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Stories through images have always been a part of my life. My father was a photographer for the local newspaper, The Wichita Eagle. That’s where I got my fascination for cameras and where I found both the super 8mm and the video camera. I was in love. Soon after I began to film my sister’s basketball games and made my own version of a sportscast with full-on narration, play-by-play, audience cheers, and whatever else came into my 8 year old head.

About the same time I started making movies with my friends, learning various in-camera tricks and creating special effects from whatever we could get our hands on. Regardless of what it was we were doing I always found myself behind the camera. I was drawn to it, enthralled by the images we could get and the way we could tell our stories; often experimenting and finding the limits of the camera just to push it as far as I could. It was the first glimpse into a life-long romance that helped determine my career path.

Along my journey I discovered the Steadicam, and another romance blossomed, propelling me into a new level of my career. I was fascinated with the device and the possibilities it opened up for shot design. This eventually led to one question, “why move the camera?” For the first time I took what had been a subconscious emotional response to the moving image and started to try to understand it and figure out why it worked, why even breathing the camera in closer during a performance could improve the effectiveness of the shot. I have since challenged myself to study and understand the psychology of the moving camera and its impact on the aesthetics of cinema.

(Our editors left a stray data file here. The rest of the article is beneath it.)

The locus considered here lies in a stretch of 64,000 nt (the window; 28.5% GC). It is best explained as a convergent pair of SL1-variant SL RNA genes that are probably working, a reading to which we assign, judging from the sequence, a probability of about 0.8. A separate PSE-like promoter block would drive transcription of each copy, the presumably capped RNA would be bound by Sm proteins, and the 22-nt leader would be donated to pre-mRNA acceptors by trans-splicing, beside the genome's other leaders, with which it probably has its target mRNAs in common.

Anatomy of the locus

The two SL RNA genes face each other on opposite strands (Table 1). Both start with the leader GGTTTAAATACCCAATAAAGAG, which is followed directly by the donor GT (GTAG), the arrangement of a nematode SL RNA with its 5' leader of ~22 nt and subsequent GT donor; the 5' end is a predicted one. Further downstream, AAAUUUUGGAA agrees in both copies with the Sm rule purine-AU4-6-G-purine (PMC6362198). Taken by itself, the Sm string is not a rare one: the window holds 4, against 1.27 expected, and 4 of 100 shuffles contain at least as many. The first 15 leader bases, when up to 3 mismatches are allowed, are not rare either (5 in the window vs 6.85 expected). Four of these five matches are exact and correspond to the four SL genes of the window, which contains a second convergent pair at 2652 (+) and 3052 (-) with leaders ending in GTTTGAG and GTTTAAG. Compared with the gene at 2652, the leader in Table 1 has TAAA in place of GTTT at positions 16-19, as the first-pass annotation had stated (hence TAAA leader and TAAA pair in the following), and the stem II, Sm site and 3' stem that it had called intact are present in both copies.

This led to the discovery of a quote by cinematographer Christopher Doyle,

“What happens with camera movement is what I call ‘the dance’ between the actors and the camera. And I think that the dance is what really engages people. And how well we dance is really what camera movement is about. I always felt that the camera is in a very intimate relationship with the actors. They take me somewhere, and I go with them. And that’s what gives the actors their flexibility.”

This intimate relationship propels us into the space and time of a story. It engages us and allows us to connect, feel, experience, and perhaps discover new insights of the world and life within it. I get inspired by this every time I put on the rig.